Austerity initiatives are starting to find their way into many government spending programs. It’s up for debate whether they’re the right measures and in the right degree, or fairly applied, but one thing uniform in the response of those whose ox is being (or about to be) gored, is that no one wants to talk about money.
All of the special interest advocacy organizations are gearing up their propaganda machines to mobilize against austerity measures oblivious, for the most, to the reality that austerity is a condition, not a policy decision. But there’s a remarkable degree of similarity in the misdirection this propaganda generates. It always about the ‘soon-to-be-victimized’ services recipient.
Teachers bleat endlessly about “the children” ; doctors about “the patient”; public sector unions about “citizens”, all about to be short-changed by a heartless, unfeeling government imposing a wage freeze, or, horror of horrors, a minor rollback in compensation. (It’s noteworthy that those bleating the loudest are invariably the best paid of all.)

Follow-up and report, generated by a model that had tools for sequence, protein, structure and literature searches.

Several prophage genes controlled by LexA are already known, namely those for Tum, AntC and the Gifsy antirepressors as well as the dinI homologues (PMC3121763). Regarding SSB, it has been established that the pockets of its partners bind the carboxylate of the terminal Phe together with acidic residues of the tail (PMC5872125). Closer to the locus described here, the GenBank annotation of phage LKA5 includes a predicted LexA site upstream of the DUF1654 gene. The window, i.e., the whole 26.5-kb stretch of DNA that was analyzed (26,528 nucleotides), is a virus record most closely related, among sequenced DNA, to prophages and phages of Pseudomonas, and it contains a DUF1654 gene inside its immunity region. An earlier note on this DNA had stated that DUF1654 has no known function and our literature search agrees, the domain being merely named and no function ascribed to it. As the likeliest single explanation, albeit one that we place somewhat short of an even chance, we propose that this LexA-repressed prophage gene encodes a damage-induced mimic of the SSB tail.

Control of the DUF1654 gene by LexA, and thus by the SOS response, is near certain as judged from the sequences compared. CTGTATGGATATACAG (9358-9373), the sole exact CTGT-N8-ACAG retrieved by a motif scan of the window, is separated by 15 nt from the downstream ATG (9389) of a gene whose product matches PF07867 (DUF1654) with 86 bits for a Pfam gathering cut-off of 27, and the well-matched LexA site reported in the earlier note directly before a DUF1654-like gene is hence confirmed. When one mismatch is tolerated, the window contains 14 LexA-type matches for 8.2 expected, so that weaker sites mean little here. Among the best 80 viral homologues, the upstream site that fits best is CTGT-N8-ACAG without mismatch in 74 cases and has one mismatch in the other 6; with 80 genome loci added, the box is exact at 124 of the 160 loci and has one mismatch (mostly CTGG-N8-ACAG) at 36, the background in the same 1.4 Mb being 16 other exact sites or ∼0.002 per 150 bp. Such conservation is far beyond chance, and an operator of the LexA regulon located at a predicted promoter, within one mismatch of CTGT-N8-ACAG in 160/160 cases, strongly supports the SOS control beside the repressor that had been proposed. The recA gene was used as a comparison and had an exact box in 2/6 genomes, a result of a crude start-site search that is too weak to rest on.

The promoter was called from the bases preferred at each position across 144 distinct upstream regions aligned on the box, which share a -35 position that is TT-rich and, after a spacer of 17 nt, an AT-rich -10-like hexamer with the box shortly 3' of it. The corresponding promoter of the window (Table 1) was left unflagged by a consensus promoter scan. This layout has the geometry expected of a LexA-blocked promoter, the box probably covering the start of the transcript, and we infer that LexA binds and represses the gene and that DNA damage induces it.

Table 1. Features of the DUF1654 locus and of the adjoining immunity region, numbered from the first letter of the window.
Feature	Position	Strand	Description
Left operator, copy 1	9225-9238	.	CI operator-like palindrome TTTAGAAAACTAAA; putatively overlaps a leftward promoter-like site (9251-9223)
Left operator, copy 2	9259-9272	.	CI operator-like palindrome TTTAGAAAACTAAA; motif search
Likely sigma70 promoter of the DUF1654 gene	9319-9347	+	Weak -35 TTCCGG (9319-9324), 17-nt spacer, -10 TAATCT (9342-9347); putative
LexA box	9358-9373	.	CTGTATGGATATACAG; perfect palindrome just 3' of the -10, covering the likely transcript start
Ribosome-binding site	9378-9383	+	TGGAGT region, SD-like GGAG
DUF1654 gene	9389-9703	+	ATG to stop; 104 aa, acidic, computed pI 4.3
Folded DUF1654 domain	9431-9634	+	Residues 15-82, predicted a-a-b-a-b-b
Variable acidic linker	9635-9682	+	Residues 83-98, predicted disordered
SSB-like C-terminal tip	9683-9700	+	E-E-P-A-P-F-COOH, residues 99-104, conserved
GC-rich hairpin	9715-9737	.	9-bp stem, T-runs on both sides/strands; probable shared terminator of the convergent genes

Ask yourself this: How is the rate cut in a fee schedule for a doctor or your child’s teacher being unable to “bank” their sick time going to hurt anything other than the service provider’s pocketbook? Are these eminently “caring” people are going somehow to take their anger out against the ‘children’, ‘patient’ or ‘citizen’, as the case may be? Will they be forced to suspend their normal caring mien to appease their pocketbook malaise? Is that the underlying message?
Nope. But putting things into crass “I’m entitled to my entitlements” terms generates little sympathy and possibly more than a little resentment (ask David Dingwall). So, the “dark side” of spending cuts has to be implied to have the effect of “costing” in service quality terms.
The fact that most of these whiners have made out like highwaymen in contract negotiations, keeping well ahead of inflation, for a very long time, should mean a little “give back” is in order in bad times. Meanwhile, don’t let their bleating obscure the fact they’re crying about their bank accounts, not your service quality.